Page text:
I usually end up finding a few bands that I really want for it. For [this year's] Faux VI, I was messaging Edgar from Ben Quad about getting the date for the next Fauxchella lined up. I was in a good spot that day, so I texted Ellie [Hart - another person from the Summit Shack crew], I pulled up the Howard's calendar, sent a few messages, and saw, realistically, it was going to be October. Which weekend would work best? Edgar had the Ben Quad tour, so they had to get that squared away for radius clauses. Once we got everything finalized, we settled on the weekend. We were originally doing just the Saturday, but we had always talked about expanding. And I love messaging bands. There's so many new bands that I haven't seen yet, and so many friends have been recommending me bands. I'd fallen out of touch with being present within music, because before Covid, I was hitting it really hard. I'm a very habit-based person, so I had to make music a habit again. Which took some time, 'cause I played a lot of video games over Covid.
I was playing video games for the first time over Covid!
Oh hell yeah.
I learned how to play Mario Kart. Video games felt right for Covid.
Exactly. So yeah, finding the bands, getting their availability. That's anywhere from six to nine months out. And then once I have a few confirmations and I have the dates solidified, then I'll message the bands that I already have booked and be like, Hey, who would you like to play with? I asked Ben Quad and Charmer, who were the Friday headliners, and then ended up getting Dikembe and Jetty Bones, and polled them to see what bands they would like to play with.
Then it's a snowball effect of messaging a band, Hey, we're doing this on this day. Here's the bands that have confirmed. Are you interested in playing? I'd say that most of the time I end up messaging more bands than we have slots for, because I'm fully expecting a bunch of people to say no, and then everyone says yes — not everyone, but way more yeses than I'm anticipating, so I adjust the schedule. In this case I added two more days.
I think we ended up with with...69 performances. Ben Quad and Arcadia Grey played multiple sets and did the battle set. I think it was 60, 65 bands? We had some drops leading up to the fest. I had a list of bands that had expressed interest in playing after I'd got the initial lineup set up, and a number of them ended up being able to hop on the fest. Milk on the Rocks is a local band — a high school band, I think one of them still plays football for Bowling Green High School.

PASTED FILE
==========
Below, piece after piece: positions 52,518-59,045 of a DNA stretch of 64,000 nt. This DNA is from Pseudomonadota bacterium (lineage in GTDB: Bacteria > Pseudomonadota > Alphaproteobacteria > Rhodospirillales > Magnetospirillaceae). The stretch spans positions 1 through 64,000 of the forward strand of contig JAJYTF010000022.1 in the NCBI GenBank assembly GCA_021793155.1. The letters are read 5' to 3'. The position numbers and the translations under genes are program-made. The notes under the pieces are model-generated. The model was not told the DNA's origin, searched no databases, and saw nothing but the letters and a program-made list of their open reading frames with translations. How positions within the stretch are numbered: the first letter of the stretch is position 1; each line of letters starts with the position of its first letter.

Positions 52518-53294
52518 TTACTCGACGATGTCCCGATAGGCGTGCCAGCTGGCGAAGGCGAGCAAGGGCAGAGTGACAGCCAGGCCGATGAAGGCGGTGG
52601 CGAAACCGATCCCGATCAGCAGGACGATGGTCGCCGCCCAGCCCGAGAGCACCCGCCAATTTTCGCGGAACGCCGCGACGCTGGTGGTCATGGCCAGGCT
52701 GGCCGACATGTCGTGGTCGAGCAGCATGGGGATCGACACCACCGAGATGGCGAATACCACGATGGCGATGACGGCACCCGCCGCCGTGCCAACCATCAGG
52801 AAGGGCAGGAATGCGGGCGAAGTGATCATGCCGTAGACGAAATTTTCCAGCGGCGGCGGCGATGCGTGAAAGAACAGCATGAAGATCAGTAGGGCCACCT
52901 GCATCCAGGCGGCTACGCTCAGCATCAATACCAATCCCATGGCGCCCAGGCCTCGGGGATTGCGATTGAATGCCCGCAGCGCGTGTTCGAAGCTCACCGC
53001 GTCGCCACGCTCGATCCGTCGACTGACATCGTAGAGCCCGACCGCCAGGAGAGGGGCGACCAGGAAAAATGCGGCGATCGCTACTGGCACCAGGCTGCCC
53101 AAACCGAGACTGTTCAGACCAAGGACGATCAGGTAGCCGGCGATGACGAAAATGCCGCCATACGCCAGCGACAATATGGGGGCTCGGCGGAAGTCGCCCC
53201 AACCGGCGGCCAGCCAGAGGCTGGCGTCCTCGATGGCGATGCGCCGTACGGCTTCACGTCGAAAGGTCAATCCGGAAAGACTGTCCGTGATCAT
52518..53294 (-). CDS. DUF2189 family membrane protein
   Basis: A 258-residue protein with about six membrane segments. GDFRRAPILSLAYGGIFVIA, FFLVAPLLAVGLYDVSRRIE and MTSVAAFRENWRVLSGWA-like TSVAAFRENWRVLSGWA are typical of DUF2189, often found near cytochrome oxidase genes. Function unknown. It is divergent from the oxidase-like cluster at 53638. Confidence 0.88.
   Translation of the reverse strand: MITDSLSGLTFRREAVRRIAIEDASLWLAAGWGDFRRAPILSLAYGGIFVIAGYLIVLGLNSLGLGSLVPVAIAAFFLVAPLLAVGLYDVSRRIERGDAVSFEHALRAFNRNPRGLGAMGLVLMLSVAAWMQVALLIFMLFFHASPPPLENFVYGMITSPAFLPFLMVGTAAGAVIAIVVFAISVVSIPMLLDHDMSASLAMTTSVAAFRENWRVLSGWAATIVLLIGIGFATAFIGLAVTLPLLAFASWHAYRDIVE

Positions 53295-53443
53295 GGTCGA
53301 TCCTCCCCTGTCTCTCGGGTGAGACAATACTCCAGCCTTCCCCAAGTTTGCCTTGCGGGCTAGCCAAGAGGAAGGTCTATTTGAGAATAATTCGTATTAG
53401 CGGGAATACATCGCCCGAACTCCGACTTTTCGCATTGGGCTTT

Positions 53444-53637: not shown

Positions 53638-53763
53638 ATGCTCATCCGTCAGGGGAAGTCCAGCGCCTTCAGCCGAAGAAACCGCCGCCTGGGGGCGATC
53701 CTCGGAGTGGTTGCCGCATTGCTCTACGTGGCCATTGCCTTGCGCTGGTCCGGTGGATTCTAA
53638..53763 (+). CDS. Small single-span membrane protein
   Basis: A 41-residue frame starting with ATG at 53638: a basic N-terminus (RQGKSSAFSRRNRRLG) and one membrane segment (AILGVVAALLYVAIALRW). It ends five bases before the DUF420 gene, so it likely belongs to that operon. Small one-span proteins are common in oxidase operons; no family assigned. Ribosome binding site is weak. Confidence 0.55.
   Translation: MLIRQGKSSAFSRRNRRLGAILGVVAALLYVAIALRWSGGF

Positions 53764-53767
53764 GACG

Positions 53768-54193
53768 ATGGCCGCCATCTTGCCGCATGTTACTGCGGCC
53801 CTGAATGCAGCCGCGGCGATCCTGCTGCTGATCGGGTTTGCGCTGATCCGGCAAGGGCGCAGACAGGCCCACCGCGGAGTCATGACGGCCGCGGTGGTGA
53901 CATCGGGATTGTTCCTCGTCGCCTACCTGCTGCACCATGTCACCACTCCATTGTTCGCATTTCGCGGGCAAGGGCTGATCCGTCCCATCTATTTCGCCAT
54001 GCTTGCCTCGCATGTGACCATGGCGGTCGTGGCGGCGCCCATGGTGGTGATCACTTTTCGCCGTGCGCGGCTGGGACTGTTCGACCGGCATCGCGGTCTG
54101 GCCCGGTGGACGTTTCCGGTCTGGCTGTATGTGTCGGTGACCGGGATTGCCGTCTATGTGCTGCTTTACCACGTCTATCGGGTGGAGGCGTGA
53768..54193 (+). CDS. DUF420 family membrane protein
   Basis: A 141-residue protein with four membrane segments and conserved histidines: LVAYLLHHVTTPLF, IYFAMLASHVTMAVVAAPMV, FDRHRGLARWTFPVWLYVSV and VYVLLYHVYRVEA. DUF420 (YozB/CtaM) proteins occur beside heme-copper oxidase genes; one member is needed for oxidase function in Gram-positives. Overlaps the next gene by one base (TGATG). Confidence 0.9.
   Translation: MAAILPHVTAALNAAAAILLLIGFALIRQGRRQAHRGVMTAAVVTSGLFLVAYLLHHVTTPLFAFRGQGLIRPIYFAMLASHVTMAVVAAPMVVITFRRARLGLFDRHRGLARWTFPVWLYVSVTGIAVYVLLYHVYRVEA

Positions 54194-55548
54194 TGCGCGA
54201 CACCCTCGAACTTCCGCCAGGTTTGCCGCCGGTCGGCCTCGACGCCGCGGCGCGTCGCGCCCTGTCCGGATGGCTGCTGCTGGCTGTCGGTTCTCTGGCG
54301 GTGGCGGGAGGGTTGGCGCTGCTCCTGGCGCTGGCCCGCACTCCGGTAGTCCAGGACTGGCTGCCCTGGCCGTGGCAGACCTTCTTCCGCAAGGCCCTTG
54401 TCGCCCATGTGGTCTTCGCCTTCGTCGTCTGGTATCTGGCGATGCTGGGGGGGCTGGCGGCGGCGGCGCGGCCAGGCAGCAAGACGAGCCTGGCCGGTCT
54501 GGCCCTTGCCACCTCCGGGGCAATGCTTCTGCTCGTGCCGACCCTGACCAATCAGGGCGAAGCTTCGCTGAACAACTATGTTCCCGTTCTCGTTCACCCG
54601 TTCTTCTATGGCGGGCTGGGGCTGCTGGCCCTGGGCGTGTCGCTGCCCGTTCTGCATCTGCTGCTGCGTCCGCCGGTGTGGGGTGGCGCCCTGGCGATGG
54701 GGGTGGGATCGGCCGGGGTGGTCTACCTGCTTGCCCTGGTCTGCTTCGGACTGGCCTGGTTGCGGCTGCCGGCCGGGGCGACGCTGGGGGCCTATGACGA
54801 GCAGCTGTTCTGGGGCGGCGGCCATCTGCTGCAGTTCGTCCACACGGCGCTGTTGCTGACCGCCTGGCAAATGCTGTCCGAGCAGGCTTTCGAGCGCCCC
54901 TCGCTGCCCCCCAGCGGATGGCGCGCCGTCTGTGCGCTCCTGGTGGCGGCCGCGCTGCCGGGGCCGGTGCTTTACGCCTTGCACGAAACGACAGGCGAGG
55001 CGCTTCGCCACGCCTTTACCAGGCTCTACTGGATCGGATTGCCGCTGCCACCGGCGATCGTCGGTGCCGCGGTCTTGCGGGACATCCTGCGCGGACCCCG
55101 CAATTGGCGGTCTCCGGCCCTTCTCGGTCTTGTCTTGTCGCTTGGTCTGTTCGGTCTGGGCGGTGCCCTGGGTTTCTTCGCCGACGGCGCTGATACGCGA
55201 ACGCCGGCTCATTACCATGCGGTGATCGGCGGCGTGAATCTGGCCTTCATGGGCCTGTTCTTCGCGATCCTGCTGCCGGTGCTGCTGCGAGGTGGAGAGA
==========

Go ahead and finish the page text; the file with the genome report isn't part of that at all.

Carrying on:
They volunteered at the festival early on Friday and then went and played their football game, and I was talking to one of the other members of the band and they're like, Hey, if anything else happens this weekend, Milk On The Rocks would love to play. And I was like, That's awesome. You're local, you're here, you've already volunteered. I've talked to you a lot of the day. Cool kids — good band, too. They did an Equipment cover, it was awesome. And kissyourfriends dropped Saturday morning because they didn't feel well and didn't feel comfortable coming down to play a show. I messaged Ellie and I was like, Hey, Ellie, do you have contact info for Milk On The Rocks? I think that was at 10 a.m. and they played the slot at 1 pm. A lot of stuff operates on the fly, and a lot of stuff is eight months in advance.
So the location, at least for the past couple of these, has been Howard's Club H. How has it been partnering with them over the years?
It's been awesome. I've known Kelly, the bartender at Howard's, for years, and Nikki [Cordy], who was the head bartender there in the early days of us booking shows there instead of at the garage. Steve, the owner, I've gotten to know really well over the past few years. Great dude.